I personally think all of these are useful as complimentary health therapies and applaud their introduction, so I find it surprising that this enrichment of hospital health care would be contentious.  Yet Victoria University professor Shaun Holt is critical, particularly of Reiki and prayer, stating there is no evidence-based research on their effectiveness. Whanganui District Health Board Member Michael Laws goes a step further calling the decision to trial these therapies in hospital “seriously stupid” and suggesting they are—and like Holt he singles out Reiki in particular—akin to witchcraft.

Contrary to the views expressed by Holt and Laws, Whanganui Hospital is simply keeping up with modern medical practice by introducing a repertoire of complimentary therapies for their patients. According to the American Medical Association, around 42% of U.S. hospitals offer a range of complimentary therapies including massage, meditation, acupuncture, and Reiki, and two thirds offer at least massage[i]. In one Cleveland study, half of their patients (over 1700) opted to receive counselling, spiritual care, touch therapy and/or music or art therapy during their hospital stay, and 93% of the patients who chose to do so reported their therapy “useful”[ii].

Regarding Reiki (what Holt and Laws imply is “akin to witchcraft”), many prestigious institutions including the University College of London hospitals and Southampton University hospitals in the UK; the Cleveland Clinic, Massachusetts General Hospital, Harvard Cancer Centre (the largest cancer research centre in the world) and John Hopkins Hospital in the U.S.; and the CGG Clinic in Germany offer Reiki as a complimentary therapy[iii], especially for cancer patients. In parts of the U.S., learning Reiki is part of standard nurse training. Some countries include Reiki treatments in health insurance coverage. I’ve used this article as a starter for an article on Reiki on my mindwork website, so if you are interested in finding out what Reiki is, where it comes from, and how it is used, click here.[iv]

Prayer and attendance to patients’ spiritual needs is also common elsewhere. In the US, about 85% of hospitals employ chaplains.[v]  Their role in palliative care—and I can speak from personal experience here—is valuable not only for patients but also for their families, if only in offering comfort and support at a difficult time. Studies have shown that hospital based “spiritual intervention” for the chronically ill significantly increases patient well-being and is valuable for patients during the recovery process[vi].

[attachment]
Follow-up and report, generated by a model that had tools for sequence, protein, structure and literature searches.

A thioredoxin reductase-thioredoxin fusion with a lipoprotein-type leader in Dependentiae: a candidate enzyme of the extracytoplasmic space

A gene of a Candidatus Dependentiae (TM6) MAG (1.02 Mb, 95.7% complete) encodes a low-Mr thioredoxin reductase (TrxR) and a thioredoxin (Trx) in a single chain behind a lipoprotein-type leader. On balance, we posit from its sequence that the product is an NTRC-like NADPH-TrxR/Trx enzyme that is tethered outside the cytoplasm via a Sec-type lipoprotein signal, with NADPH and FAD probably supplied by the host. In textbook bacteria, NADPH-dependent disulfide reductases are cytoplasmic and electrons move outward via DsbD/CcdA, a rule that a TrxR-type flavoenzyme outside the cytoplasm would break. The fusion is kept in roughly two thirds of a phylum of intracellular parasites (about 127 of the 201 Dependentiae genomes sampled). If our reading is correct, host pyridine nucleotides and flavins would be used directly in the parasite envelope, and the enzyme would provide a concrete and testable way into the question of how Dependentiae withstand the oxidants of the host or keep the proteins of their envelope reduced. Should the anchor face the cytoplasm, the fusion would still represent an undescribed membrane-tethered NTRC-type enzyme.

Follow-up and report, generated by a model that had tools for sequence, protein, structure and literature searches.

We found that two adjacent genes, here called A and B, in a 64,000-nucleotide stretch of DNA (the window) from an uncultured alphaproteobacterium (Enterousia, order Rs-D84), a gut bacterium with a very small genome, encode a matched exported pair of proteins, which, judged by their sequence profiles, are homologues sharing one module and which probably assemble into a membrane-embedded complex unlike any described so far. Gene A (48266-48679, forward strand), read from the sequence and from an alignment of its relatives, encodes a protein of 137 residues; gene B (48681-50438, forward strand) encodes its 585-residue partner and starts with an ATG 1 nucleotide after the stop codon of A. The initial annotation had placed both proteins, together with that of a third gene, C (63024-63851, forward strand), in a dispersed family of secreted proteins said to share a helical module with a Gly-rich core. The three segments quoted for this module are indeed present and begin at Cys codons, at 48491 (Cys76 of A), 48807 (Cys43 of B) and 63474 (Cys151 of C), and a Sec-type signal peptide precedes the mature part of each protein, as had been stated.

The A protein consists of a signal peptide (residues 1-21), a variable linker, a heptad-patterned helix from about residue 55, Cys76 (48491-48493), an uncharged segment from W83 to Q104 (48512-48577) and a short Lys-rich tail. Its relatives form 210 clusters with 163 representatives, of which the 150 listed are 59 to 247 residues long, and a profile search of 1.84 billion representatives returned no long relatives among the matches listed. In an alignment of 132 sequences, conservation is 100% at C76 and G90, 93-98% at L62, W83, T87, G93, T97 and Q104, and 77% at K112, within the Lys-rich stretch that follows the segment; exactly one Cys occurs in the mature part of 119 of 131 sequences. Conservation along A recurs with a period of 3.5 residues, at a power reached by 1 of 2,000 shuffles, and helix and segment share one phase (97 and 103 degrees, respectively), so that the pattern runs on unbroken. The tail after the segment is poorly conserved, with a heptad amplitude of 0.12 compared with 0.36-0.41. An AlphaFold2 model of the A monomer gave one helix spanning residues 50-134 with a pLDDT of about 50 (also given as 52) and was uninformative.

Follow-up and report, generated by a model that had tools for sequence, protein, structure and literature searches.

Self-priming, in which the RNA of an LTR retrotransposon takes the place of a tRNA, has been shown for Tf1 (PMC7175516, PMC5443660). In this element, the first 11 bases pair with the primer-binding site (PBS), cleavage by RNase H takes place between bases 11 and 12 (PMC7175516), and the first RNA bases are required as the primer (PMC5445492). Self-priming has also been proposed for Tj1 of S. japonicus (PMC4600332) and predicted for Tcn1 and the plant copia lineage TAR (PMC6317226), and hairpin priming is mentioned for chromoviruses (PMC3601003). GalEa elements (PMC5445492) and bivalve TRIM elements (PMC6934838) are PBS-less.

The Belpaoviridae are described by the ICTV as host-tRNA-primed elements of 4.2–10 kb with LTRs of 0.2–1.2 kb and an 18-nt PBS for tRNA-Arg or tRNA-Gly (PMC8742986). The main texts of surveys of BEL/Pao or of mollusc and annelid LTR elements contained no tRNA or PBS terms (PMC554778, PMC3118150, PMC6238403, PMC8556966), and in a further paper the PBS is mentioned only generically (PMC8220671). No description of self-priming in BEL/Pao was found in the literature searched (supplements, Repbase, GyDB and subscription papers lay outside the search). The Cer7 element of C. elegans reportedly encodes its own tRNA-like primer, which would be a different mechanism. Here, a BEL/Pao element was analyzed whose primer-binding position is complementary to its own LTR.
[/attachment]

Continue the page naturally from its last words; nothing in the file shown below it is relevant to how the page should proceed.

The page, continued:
Meditation is a real wellness powerhouse which can lower stress levels, ease pain, lower blood pressure, increase the body’s immune response, and increase a person’s ability to focus and concentrate. Many US hospitals and clinics now teach patients to meditate[vii]. If you want to know more about meditation, check out my mindwork website page on it here.

Massage, the most common alternative therapy to be found in hospitals, is useful for pain control, stress relief, reducing muscle tension, increasing blood flow, and increasing the range of motion after injury or during convalescence. Besides, it just feels good!

It seems to me that if these therapies are being offered for free, and patients are free to take advantage of them or not as they wish, and they do not impact on whatever “official” medical treatment the patient is receiving, then Whanganui should be rejoicing at the enrichment of their hospital treatment for patients. No one expects these treatments to replace modern allopathic medicine, yet as Andrew Schafer, chief physician at the Cornell Medical Centre in New York observes, “Today’s complimentary and alternative therapies could be tomorrow’s medical breakthroughs.”[viii]